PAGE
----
UK:*UK and possibly other pronunciationsUK and possibly other pronunciations/kæˈstreɪt/US:USA pronunciation: IPA and respellingUSA pronuncation: IPA/ˈkæstreɪt/ ,USA pronunciation: respelling(kastrāt)

Inflections of 'castrate' (v): (⇒ conjugate)
v 3rd person singular
v pres pverb, present participle: -ing verb used descriptively or to form progressive verb--for example, "a singing bird," "It is singing."
v pastverb, past simple: Past tense--for example, "He saw the man." "She laughed."
v past pverb, past participle: Verb form used descriptively or to form verbs--for example, "the locked door," "The door has been locked."

WordReference Random House Learner's Dictionary of American English © 2020
cas•trate /ˈkæstreɪt/USA pronunciation   v. [+ object], -trat•ed, -trat•ing. 
  1. Surgeryto remove the testes of; emasculate:The veterinarian castrated the two bulls.
  2. to weaken;
    remove the strength of:The budget cuts only serve to castrate any future projects.
cas•tra•tion /kæˈstreɪʃən/USA pronunciation  n. [uncountable]punishes rapists with castration.[countable]The doctor had finished the castrations on the herd by midday.

WordReference Random House Unabridged Dictionary of American English © 2020
cas•trate  (kastrāt),USA pronunciation v.,  -trat•ed, -trat•ing, n. 
  1. Surgeryto remove the testes of;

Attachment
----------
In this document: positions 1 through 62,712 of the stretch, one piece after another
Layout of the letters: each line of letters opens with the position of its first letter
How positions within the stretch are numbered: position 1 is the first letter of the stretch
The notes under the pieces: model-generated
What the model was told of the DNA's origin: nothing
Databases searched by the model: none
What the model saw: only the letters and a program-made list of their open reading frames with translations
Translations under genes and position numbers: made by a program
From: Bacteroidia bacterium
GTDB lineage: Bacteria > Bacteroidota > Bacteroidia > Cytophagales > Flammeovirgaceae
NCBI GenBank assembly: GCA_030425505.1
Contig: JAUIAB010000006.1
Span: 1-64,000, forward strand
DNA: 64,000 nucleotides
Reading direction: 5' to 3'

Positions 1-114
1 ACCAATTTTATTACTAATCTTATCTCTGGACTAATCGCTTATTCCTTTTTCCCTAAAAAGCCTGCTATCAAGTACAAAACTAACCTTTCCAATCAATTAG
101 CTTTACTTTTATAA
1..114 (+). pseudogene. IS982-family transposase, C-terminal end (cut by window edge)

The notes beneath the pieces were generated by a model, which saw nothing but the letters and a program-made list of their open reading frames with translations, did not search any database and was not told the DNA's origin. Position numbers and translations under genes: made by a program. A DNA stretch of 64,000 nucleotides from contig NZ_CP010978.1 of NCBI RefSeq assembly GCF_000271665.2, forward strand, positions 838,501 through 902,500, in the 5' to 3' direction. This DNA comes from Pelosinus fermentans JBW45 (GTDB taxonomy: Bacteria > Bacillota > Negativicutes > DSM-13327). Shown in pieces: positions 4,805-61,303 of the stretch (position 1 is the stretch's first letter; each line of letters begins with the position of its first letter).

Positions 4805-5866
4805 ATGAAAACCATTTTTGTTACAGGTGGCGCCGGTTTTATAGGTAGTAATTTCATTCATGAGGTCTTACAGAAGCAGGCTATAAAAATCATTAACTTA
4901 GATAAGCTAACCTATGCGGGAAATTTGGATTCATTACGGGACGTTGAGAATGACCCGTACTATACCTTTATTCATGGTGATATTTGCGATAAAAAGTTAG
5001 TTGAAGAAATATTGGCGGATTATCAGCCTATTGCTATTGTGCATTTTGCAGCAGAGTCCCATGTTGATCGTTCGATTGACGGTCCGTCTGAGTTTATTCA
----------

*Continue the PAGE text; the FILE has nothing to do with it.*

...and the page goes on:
2. Surgeryto remove the ovaries of.
  3. Psychologyto render impotent, literally or metaphorically, by psychological means, esp. by threatening a person's masculinity or femininity.
  4. to deprive of strength, power, or efficiency;
    weaken:Without those ten new submarines, our navy will be castrated.

  1. Surgerya castrated person or animal.
cas•tration, n. 
castra•tor, n. 
  • Latin castrātus past participle of castrāre to geld, equivalent. to castr- geld + -ātus -ate1
  • 1605–15

Collins Concise English Dictionary © HarperCollins Publishers::
castrate /kæˈstreɪt/ vb (transitive)
  1. to remove the testicles of; emasculate; geld
  2. to deprive of vigour, masculinity, etc
  3. to remove the ovaries of; spay
Etymology: 17th Century: from Latin castrāre to emasculate, geld

casˈtration n
'castrate' also found in these entries (note: many are not synonyms or translations):
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